Professor Peter Hiscock and Dr Patrick Faulkner from the University’s Department of Archaeology are members of the ArchaeoGLOBE project, a global group of hundreds of archaeologists sharing knowledge on human land use across the globe over the past 10,000 years.
“We are thrilled to be part of this project. It is exciting to see the ways that new scientific comparative data is already helping us reveal new patterns and better understand humans’ legacy on Earth,” Professor Hiscock said.
In a new work published today in premier scientific journal Science, the ArchaeoGLOBE project reveals the deep roots of Earth’s reshaping into the human planet we now inhabit.
The new study reveals that humans have been transforming the Earth’s ecology for thousands of years – far longer than previously known by Earth scientists.
By hunting and foraging, farming and urbanising Earth’s land over the past 10,000 years, human societies drove species extinct, deforested large regions, tilled up Earth’s soils, and released carbon into the atmosphere, creating the planet as we know it today.
The earlier start times for land use revealed by this study have profound implications for understanding and modelling contemporary global changes in land use, climate and biodiversity around the world.
The project found clear evidence for massive changes in nineteenth century Australia, as pastoralism, agriculture and urbanism became widespread following the arrival of the British.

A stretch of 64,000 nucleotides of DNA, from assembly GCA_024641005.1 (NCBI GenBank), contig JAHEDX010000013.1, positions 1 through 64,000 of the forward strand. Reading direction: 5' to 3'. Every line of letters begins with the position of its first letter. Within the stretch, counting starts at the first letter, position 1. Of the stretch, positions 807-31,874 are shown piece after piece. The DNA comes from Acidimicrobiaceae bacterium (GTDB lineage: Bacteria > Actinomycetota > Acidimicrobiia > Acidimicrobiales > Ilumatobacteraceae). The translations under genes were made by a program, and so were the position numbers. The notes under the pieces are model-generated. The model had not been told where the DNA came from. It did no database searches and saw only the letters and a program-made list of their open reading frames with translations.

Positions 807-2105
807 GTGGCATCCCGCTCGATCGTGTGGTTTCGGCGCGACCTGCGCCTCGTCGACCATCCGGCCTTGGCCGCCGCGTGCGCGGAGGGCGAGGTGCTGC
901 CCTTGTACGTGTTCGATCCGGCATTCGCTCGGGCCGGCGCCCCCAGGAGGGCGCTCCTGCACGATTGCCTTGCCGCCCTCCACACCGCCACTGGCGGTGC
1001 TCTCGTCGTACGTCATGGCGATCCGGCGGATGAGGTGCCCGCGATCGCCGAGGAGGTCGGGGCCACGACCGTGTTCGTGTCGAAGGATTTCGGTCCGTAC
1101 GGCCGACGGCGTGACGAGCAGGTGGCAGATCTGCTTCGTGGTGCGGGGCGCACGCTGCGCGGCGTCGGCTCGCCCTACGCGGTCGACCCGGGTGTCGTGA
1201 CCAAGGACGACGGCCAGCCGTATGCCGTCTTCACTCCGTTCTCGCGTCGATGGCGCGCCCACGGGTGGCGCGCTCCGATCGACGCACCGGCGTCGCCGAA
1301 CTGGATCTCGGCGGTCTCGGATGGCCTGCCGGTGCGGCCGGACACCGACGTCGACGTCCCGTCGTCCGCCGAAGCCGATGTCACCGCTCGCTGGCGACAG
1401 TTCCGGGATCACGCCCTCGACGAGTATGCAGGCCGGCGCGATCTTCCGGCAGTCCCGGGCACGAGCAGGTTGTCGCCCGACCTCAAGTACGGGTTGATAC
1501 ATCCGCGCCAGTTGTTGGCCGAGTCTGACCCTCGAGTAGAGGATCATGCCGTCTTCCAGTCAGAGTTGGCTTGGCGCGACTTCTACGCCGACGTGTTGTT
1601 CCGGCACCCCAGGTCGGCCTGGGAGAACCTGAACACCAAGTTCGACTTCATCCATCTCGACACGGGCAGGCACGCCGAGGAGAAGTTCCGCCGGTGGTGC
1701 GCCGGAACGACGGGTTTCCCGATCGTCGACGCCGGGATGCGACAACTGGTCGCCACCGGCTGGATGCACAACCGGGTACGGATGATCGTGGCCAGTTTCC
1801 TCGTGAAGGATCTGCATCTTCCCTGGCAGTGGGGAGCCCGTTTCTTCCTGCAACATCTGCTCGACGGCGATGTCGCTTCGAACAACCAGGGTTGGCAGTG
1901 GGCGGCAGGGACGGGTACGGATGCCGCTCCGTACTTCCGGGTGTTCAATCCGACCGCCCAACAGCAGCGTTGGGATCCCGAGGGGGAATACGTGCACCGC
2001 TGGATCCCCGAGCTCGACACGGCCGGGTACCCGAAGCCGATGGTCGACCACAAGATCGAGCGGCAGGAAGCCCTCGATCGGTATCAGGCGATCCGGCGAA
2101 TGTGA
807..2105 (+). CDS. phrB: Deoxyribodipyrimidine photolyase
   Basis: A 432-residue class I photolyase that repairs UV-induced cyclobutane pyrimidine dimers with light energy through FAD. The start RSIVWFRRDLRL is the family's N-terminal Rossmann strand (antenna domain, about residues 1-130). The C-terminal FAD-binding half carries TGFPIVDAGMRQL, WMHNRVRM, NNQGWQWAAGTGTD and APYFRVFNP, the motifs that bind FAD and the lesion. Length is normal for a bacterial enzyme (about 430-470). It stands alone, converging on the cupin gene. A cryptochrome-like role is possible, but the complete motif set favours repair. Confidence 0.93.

Although extensive and intensive agriculture had not been practiced in Australia until the nineteenth century, the project also recognised ongoing alteration of ecosystems and impacts on plants and animals by Indigenous peoples for many thousands of years.
In particular, the intentional burning of vegetation by many hunter-gatherer societies around the globe contributed to an altered pattern of carbon emissions and modification of vegetation long before modern use of fossil fuels.
“Our research reinforces the arrival of intensive agriculture in Australia during the last two centuries, not much earlier as has been recently claimed by popularist books in Australia,” said Professor Hiscock.
The project was developed as an extension of the University of Maryland, Baltimore County (UMBC)’s NSF-funded GLOBE project towards the goal of engaging the local expertise of archaeologists around the world to create a global assessment of land use changes since the last ice age.
The work represents the first global assessment of land use by archaeologists; a collaborative achievement in itself.
The project was led by Erle C. Ellis and Lucas Stephens at UMBC and involved archaeologists from around the world including Australian scientists Professor Peter Hiscock and Dr Patrick Faulkner from University of Sydney.
Declaration: Professor Hiscock and Dr Faulkner acknowledge the support of the Tom Austen Brown Endowment. Dr Faulker’s research has also been funded by the School of Philosophical and Historical Enquiry, Faculty of Arts and Social Sciences Research Support Grants, and the Max Planck Society.